Binomial Innovates -
Binomial is an innovation consulting firm helping clients be disruption-ready
February 17, 2020
Still sticking to your 2020 resolutions? Congratulations, you’re in the minority.
January 19 was supposed to be the day in 2020 we gave up on our new year’s resolution. The date, predicted by sports fitness network Strava, is based on analysis of over 800 million activities data points from their members.
If your resolutions are slipping away as day-to-day life takes over, here are a few lessons I learnt from helping corporates innovate that may be useful.
Getting resolutions right is a balancing act between the right degree of ambition and the right amount of details.
One way to improve your resolutions is to keep drilling in to make them more specific, measurable, and actionable, before you take a step back and decide if they are realistic. For example, here are two resolutions I have rewritten:
No dessert (too ambitious) → No more than 150 kcal of added sugar/ day
Exercise more (too vague) → Run twice a week for no less than 5km
If you want to go a deeper into how to better articulate your goals and what you will do to achieve them, a useful method that has been gaining popularity is Objectives and Key Results (OKRs), a quarterly tracking system.
Resolutions that truly last are those aligned with your personal values and who you want to be. That’s why reminding yourself of your ‘personal brand’ can be helpful when your motivation is flagging.
For example, if your resolution is “going to the gym weekly” but you find yourself working late and never having the time, then reminding yourself “I’m the type of person who can balance work and workout” may keep it going.
An effective method in helping companies innovate is the Lean Startup that encourages teams to run experiments, test prototypes quickly, and use the validated learning to refine their course of action.
We can adapt this approach for resolutions. Simply view the year as a series of experiments and refinements on a monthly or quarterly basis with the aim of trying new ways to achieve your resolutions.
By scheduling frequent reviews, you can look at why a resolution is not working and try something else based on lessons learnt. This gives you wiggle room to change and optimise your efforts along the way.
For example, if your resolution is to run 5 km within 25 minutes, you can experiment with factors that may impact the results, such as time of day, shoes, location, etc., to identify the best way to achieve it by the year end.
When you feel your own motivation and discipline are not enough to get you through, there is no shame in calling for help. Find friends or family members with similar resolutions and commit to do something together.Alternatively, making your goals public motivates you because of the expectations you get from others. Let friends and family know your resolution and ask them to call you out whenever you are not sticking to it.To make this arrangement even stronger, link it with a reward to encourage friends and family to be your cheerleaders / police.For example, if they find you taking that extra serving of chocolate cake, you commit to buy coffee next time or do the dishes for the next two days. Your surroundings can also be part of the external help in what is called choice architecture. The simple way to use it is to make it more physically difficult to do something you want to avoid. For example, put the chocolate in the lowest compartment of the fridge, behind the fruits.On the other hand, if you want to encourage a particular behaviour, make it easier. For example, place your running gear right next to your bed to reduce the friction for your morning runs.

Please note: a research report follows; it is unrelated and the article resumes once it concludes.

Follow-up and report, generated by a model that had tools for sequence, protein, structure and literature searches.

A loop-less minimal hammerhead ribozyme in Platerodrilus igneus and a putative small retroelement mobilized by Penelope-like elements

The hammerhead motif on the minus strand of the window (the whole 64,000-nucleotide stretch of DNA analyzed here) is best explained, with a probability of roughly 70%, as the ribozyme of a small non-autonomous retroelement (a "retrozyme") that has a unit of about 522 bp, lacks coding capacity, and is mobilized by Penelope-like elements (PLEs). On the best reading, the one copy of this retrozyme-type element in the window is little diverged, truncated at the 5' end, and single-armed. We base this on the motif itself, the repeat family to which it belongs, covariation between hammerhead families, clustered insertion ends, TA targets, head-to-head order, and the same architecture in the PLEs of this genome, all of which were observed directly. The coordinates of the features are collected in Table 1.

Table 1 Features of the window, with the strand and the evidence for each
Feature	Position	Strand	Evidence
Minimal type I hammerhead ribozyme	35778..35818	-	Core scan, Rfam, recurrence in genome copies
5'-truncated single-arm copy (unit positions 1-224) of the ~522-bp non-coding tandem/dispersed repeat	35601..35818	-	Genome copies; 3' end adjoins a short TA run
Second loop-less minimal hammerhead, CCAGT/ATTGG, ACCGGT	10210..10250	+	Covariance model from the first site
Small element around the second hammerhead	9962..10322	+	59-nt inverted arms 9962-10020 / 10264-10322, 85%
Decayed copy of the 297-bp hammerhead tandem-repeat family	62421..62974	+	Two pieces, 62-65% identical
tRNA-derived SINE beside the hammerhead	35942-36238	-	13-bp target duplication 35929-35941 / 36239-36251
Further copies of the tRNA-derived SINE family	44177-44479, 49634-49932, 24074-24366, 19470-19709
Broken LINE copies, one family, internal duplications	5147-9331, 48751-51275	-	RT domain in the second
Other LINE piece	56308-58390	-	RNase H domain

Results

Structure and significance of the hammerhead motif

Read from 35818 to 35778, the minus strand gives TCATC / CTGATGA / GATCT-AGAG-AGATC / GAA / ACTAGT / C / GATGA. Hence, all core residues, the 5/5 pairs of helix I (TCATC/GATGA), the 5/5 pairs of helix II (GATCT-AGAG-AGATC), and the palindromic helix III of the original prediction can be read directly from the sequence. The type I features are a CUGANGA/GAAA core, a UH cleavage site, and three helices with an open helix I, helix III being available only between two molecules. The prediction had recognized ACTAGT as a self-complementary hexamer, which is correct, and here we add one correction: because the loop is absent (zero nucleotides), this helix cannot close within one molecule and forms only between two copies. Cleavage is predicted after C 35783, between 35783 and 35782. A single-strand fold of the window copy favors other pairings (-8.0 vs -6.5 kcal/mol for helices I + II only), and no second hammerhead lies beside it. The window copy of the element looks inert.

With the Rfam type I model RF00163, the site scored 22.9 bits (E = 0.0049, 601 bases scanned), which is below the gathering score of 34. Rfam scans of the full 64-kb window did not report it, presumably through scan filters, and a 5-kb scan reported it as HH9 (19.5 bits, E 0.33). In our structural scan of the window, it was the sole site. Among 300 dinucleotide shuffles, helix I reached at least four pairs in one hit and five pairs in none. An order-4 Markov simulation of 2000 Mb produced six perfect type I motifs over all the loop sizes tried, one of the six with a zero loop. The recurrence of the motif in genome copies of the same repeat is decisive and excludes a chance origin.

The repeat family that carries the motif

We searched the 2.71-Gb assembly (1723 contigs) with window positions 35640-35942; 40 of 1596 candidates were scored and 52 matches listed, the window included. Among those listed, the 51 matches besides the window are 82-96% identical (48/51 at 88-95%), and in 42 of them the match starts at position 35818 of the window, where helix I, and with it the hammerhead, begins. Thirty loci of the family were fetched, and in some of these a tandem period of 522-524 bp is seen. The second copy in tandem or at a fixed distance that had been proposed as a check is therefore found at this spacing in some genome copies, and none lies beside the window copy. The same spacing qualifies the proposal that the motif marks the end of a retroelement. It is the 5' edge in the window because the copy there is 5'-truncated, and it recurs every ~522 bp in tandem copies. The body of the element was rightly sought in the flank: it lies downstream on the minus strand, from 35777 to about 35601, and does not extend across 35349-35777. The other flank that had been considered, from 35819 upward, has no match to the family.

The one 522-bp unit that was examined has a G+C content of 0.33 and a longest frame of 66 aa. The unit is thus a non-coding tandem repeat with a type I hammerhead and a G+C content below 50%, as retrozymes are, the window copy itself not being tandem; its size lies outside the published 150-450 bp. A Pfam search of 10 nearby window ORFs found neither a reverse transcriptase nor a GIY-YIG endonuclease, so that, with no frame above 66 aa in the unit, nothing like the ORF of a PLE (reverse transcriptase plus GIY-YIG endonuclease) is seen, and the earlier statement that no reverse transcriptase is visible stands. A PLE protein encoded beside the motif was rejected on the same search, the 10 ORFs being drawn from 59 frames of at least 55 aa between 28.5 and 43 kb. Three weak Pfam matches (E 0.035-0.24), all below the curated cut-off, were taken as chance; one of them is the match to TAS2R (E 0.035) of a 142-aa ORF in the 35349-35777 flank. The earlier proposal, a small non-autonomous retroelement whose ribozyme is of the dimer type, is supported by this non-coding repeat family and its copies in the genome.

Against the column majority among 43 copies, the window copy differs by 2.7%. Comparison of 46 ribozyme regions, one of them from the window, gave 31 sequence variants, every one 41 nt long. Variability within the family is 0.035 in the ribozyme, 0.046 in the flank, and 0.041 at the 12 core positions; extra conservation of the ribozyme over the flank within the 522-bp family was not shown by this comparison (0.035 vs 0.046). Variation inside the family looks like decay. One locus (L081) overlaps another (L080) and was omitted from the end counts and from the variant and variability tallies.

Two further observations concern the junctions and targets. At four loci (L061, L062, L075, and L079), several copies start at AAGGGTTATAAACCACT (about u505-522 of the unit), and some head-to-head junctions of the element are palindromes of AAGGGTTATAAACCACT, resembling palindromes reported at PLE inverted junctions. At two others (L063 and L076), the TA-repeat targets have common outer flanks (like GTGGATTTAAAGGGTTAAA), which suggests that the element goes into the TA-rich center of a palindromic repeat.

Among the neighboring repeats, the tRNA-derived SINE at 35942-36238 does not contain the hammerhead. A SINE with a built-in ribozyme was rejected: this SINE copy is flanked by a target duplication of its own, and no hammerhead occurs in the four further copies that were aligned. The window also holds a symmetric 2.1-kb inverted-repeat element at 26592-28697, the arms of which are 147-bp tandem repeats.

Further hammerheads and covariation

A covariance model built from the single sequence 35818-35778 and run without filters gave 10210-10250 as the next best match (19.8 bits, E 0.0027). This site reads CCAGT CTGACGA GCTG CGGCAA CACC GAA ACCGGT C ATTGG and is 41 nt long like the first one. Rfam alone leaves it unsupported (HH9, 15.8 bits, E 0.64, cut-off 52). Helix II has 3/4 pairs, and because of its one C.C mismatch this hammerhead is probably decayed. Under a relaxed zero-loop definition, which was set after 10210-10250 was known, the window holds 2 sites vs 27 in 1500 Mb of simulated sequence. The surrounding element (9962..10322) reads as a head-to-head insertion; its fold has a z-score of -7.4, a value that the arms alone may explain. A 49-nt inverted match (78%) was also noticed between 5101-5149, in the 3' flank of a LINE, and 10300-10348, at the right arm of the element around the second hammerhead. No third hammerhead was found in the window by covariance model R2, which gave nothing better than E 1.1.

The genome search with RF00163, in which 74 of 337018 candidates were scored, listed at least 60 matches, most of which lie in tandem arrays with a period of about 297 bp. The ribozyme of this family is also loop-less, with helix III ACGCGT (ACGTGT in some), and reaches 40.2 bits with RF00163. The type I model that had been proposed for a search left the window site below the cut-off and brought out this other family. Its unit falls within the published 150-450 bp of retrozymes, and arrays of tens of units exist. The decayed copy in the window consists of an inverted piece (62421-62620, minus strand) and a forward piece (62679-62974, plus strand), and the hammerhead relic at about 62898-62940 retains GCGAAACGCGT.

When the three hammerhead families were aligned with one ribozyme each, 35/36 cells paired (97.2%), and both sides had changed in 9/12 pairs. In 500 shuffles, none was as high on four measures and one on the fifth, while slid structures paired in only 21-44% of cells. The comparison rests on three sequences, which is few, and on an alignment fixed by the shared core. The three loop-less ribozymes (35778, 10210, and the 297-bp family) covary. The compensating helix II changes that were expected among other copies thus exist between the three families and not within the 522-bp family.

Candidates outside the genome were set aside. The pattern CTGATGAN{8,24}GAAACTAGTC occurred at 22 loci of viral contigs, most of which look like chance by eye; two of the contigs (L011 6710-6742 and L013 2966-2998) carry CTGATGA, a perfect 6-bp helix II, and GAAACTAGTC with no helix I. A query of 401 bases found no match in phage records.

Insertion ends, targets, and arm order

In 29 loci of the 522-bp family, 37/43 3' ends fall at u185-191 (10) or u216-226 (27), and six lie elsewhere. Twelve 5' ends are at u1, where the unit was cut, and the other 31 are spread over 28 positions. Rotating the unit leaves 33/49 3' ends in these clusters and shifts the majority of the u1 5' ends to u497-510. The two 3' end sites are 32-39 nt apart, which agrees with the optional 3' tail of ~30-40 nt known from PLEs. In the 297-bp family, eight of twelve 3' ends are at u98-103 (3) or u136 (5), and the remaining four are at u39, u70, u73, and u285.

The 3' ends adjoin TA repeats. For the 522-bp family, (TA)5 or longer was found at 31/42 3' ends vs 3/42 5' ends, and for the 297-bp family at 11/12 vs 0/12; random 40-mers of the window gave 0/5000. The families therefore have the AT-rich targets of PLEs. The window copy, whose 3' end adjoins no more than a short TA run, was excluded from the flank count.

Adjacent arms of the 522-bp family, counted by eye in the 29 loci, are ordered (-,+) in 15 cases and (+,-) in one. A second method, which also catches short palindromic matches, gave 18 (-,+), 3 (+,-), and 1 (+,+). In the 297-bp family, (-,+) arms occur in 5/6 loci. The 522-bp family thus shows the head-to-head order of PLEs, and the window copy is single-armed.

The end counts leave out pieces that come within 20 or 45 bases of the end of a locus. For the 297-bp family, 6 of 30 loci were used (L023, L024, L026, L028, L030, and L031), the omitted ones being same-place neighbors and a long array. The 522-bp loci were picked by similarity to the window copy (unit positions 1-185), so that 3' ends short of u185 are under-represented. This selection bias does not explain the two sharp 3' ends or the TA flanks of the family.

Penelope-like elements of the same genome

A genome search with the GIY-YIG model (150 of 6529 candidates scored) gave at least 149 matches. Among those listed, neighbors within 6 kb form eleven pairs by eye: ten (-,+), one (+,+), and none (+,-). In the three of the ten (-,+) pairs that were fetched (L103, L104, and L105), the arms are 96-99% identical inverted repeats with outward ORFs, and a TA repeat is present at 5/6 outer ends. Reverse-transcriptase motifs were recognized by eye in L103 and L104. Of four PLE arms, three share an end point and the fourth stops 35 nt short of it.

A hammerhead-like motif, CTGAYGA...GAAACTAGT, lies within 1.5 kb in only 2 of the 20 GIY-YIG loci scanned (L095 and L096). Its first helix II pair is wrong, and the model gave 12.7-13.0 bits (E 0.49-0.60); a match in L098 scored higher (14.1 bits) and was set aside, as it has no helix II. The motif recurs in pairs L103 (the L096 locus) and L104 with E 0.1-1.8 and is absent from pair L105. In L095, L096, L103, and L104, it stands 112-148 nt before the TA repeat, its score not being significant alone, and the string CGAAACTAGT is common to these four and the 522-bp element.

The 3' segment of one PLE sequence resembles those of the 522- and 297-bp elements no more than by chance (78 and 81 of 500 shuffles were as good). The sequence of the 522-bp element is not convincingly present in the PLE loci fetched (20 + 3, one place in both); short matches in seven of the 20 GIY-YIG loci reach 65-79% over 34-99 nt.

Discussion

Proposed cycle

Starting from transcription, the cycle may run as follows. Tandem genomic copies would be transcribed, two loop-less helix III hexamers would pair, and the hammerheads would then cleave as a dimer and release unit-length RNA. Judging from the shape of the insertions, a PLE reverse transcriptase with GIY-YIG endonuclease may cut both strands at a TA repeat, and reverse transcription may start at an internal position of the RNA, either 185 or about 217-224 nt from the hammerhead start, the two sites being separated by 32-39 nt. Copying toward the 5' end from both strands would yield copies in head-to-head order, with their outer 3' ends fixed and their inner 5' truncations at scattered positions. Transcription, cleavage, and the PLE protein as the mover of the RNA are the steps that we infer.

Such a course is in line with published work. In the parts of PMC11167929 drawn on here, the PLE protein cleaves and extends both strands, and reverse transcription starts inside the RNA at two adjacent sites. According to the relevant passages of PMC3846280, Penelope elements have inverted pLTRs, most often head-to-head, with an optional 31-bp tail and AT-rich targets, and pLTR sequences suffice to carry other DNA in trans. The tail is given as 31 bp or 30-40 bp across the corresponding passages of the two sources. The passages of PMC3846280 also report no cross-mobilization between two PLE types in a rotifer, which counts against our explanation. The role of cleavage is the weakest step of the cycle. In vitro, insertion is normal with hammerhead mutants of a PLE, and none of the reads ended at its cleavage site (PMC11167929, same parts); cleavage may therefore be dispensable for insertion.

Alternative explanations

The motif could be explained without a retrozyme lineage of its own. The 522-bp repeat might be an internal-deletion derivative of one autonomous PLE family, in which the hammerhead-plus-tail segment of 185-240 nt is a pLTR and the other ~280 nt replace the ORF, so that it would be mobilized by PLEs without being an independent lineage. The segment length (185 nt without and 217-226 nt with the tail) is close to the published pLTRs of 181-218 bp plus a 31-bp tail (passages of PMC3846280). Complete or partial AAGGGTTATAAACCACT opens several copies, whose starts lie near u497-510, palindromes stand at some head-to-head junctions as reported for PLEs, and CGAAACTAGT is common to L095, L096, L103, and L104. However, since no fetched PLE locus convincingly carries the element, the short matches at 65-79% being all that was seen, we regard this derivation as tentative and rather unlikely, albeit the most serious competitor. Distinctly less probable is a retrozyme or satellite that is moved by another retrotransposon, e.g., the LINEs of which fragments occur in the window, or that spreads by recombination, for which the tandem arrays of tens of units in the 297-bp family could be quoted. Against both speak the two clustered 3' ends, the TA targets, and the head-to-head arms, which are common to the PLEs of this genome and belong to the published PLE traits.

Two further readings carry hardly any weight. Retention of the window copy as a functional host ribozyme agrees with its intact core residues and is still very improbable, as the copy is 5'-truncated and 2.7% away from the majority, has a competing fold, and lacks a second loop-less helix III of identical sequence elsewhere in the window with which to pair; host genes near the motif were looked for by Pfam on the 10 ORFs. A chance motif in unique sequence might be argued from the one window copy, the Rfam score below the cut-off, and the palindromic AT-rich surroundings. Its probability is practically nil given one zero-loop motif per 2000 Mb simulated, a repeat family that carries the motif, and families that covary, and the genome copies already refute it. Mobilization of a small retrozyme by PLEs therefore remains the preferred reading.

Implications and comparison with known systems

Finally, and most importantly, it’s not over till it’s over. This article is written after Jan 19 on purpose. If you have veered off track, it is perfectly fine to dust yourself off and get started again.
Lapses should be expected and happen to everyone. Not letting one or even a few setbacks make you quit entirely is key to achieving your resolution.
I hope you find these tips useful. They are adapted from the work we do with companies in our innovation programmes, and if they work for corporates, they should also work for individuals too.
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